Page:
Posted by: Tom Radulovich on 11 Feb 10

alex,
there are a number of european architects that have been doing exactly this - i recently posted about a firm in freiburg (pfeifer_kuhn architekten) that has been completing incredible projects at or near passivhaus energy reqs, with little to no insulation and passively heated/cooled spaces.

it's definitely possible, but it is going to take motivated developers. i've never understood why people prefer shutting themselves off from the outside world and wasting money to move around air.

also, bjarke's been pushing a subtle green theme for years - it comes into play on several projects, but mostly as a footnote.


Posted by: mike on 14 Feb 10

I underwrite this statement and applaud its conclusions. This is the bare bones essence of the fix we are in as a civilization. We are stuck in a 'gottahavethistobesuccesful' paradigm of ownership, resource waste and competition. Best arguments against this I recently read in 'hot, flat and crowded'. Fortunately that book also offered some robust solutions and answers.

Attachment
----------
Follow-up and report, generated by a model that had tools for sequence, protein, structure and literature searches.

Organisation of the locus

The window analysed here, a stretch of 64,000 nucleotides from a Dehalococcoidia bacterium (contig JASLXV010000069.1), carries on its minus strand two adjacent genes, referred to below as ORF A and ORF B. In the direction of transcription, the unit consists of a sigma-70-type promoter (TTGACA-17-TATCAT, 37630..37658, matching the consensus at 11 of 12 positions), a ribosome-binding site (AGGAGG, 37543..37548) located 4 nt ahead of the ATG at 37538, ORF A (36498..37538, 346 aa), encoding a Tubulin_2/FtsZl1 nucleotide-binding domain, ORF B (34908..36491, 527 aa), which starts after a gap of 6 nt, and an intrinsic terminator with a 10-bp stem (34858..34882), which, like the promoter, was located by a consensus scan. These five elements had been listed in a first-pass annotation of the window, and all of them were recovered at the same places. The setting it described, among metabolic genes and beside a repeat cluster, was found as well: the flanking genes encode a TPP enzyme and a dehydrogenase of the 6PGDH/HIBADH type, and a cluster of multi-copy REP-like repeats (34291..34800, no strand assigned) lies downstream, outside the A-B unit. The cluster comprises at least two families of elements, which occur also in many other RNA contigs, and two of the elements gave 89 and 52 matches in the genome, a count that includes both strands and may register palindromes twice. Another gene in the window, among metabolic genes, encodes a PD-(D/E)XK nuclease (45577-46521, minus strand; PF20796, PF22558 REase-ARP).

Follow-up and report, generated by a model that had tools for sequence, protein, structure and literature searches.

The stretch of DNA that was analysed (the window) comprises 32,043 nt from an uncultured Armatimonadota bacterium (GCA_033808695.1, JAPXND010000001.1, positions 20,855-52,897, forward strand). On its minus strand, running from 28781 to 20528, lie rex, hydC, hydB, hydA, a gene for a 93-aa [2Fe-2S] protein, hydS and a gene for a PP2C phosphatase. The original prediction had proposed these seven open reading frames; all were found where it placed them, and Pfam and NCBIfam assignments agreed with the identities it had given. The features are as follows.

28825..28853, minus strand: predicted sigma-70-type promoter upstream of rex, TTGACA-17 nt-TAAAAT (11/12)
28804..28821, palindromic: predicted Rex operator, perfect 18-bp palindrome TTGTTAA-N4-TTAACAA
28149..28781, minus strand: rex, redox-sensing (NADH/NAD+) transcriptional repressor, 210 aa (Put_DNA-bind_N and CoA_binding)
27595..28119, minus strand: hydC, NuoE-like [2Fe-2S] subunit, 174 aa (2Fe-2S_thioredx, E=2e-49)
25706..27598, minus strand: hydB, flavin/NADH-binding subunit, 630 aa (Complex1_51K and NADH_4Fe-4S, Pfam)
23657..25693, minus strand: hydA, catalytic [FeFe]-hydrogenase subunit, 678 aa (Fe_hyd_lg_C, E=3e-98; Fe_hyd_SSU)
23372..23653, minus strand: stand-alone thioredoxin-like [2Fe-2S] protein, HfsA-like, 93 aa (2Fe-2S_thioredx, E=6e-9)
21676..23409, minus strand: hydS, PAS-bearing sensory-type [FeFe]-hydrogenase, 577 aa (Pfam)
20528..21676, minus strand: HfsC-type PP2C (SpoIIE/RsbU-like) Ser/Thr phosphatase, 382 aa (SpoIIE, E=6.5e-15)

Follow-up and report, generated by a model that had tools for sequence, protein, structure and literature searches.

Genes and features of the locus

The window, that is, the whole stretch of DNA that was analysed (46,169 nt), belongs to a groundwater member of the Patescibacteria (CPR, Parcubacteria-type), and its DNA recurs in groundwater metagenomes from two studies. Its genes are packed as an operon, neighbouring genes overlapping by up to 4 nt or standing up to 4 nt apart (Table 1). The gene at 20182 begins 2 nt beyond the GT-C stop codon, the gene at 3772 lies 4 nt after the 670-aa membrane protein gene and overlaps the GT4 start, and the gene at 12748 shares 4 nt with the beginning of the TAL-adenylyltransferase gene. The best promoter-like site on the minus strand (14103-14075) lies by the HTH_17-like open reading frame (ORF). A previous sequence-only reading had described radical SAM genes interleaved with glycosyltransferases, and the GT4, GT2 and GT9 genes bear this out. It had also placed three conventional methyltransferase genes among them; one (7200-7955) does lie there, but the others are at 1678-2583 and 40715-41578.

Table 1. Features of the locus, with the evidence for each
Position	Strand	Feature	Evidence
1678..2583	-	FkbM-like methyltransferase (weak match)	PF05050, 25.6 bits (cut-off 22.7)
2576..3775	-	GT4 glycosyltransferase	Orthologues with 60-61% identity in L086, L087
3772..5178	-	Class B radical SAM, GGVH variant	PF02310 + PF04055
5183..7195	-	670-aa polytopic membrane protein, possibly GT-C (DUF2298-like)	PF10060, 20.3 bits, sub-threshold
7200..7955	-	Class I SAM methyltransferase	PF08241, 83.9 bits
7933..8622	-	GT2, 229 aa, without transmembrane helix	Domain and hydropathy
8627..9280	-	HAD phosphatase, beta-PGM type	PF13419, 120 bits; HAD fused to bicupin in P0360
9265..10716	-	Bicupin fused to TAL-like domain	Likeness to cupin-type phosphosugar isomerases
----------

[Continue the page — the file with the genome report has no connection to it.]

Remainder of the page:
Posted by: Khannea on 16 Feb 10

Le Corbusier is a ridiculous creature; this quite ugly man set in progress an architectural and planning process to the annoyance of many. How anyone who called himself "the crow like one" came to such prominance is beyond me, the architectural period of 1920 - 2010 was all rather uneventful,and in my esteemed opinion only the chrysler building and the sydney opera house are worth any mention. Someone ought to start a "le corbusier is a tit" fanclub, id pay some moolah to join that!!!
(p.s im from new zealand, and this is the way we talk down here, therefore I regard that i havent breached the worldchanging protocol in terms of so-called "insults" and "abuse" + the blokes 6 feet under anyhows so never mind!)


Posted by: steve on 17 Feb 10